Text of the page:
Some people enjoy a scenery as a whole while some enjoy the details. As someone who focuses on the details, I began noticing the different tree species while exploring the Himalayas. In every ecosystem, there is a tree species that stands out because of its size, uniqueness, importance or simply its beauty. In the Western Himalayan ecosystem, the Deodar tree is that magnificent coniferous species that stops you in your track.
Some interesting facts about the Deodar tree
Deodar scientifically known as Cedrus deodara is a West Himalayan Coniferous species which generally grows at an altitude of 1500 to 3000 metres. The tree can reach a height of 50 metres, sometimes even more. The crown of the deodar tree is conical and the leaves are needle-like occurring in a cluster of 25-30. The branches are horizontal and the trunk can be up to 3 metres in diameter.
Deodar tree In temples
Just like we find Banyan and peepal trees in the vicinity of a temple in the plains, deodar trees can generally be seen in the vicinity of a temple in the western Himalayas e.g. Jageshwar temple, Jakhoo temple, Hadimba temple all are surrounded by large deodar trees. Deodar literally means “Wood of the Gods“.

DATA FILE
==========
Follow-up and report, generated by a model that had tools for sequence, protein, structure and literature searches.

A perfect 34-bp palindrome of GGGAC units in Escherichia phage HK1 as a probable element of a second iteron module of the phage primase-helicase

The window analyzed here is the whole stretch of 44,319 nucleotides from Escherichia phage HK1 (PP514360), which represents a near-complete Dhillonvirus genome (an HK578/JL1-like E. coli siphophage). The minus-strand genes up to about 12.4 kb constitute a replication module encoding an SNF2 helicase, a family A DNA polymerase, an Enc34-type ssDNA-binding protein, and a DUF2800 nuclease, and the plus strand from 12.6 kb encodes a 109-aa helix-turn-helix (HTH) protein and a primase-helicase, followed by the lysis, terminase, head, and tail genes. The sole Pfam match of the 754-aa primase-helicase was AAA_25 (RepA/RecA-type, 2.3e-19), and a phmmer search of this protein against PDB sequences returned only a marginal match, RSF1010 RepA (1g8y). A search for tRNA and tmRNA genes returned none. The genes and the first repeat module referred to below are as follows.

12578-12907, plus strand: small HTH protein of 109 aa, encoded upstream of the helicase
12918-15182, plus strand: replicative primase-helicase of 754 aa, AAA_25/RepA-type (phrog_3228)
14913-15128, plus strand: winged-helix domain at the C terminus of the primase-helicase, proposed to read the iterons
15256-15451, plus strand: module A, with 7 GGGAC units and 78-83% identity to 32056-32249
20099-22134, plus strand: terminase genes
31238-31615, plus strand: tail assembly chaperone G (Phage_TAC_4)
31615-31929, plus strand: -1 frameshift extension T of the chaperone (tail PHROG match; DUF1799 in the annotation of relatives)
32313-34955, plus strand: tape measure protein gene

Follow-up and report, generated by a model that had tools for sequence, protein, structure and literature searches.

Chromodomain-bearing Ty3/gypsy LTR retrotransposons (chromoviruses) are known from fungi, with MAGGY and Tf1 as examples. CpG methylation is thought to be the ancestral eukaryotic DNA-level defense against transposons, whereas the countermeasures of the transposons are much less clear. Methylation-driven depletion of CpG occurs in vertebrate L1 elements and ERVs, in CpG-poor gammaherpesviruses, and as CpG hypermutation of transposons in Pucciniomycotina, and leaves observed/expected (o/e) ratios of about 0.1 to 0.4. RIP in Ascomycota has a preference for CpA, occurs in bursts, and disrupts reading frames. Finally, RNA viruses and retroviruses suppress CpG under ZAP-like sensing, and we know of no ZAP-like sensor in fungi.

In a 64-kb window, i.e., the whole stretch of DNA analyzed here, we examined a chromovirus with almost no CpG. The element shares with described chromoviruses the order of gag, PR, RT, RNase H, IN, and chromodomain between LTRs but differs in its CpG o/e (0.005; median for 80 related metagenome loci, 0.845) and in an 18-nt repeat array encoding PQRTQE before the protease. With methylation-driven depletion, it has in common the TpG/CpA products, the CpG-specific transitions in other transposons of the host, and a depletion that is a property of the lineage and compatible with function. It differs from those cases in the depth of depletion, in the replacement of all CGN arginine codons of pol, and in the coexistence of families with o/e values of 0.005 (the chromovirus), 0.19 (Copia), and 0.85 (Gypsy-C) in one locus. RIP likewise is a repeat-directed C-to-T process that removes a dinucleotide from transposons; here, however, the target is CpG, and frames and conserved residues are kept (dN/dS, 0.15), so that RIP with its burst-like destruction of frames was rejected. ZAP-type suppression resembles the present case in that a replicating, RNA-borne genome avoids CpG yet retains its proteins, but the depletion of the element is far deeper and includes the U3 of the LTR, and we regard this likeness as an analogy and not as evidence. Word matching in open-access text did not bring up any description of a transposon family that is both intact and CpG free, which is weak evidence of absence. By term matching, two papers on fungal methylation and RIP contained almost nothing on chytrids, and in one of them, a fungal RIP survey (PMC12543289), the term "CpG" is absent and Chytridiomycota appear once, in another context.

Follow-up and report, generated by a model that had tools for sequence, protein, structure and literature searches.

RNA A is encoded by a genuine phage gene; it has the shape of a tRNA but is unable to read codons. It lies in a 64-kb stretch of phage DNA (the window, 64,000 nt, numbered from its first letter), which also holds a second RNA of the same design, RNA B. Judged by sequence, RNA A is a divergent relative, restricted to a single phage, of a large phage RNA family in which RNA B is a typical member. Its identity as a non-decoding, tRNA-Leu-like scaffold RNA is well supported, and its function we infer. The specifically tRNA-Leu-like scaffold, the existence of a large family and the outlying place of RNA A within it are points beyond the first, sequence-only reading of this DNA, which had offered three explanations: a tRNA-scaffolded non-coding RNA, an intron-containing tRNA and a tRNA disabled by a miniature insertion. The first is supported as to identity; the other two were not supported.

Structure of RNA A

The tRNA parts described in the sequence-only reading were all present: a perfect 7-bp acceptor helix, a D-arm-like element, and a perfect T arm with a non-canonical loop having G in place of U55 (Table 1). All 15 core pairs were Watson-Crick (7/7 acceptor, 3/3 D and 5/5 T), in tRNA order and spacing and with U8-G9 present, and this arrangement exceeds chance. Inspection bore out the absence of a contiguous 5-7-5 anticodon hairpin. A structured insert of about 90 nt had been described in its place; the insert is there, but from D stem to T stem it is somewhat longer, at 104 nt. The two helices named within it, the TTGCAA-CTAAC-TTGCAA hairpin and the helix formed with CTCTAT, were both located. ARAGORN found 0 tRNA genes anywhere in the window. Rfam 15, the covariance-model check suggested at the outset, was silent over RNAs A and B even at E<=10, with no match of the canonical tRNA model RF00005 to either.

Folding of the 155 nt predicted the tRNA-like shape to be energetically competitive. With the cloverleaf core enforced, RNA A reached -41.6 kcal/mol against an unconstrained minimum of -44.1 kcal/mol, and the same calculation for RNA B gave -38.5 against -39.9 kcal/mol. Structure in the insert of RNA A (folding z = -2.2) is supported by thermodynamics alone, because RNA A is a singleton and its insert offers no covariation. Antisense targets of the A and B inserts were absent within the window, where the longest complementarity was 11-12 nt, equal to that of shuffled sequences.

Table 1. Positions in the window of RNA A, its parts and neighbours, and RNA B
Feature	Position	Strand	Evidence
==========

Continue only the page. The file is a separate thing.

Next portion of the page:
Deodar tree In Ayurveda
In Ayurveda, the deodar tree has many uses. The products derived from the deodar tree act as ingredients of various medicines. Some common ailments for which Deodar is used include respiratory problems like Asthma and common cough, obesity, and stomach related problems.
The Deodar forests
Among Uttarakhand and Himachal Pradesh, I found more Deodar forests in Himachal Pradesh. As I was going through the forest cover reports, I found the following data.
|Moist deodar forests||1.49% of the total forest cover of Uttarakhand|
|Dry deodar forests||0.73% of the total forest cover of Uttarakhand|
In Himachal Pradesh,
|Moist deodar forests||10.34% of the total forest cover of Himachal Pradesh|
|Dry deodar forests||1.12% of the total forest cover of Himachal Pradesh|
One of the main reasons for the increase in the number of wildfires in Uttarakhand is the disappearance of native tree species. During the British era, different commercial Pine species were planted that grow relatively faster, replacing native species like Deodar and Rhododendron. The forest department in Uttarakhand has proposed planting more Deodar trees as they are less prone to forest fires as compared to pines.
The wood of Deodar is highly durable, rot proof but has low strength. Cutting of Deodar is however banned in most areas.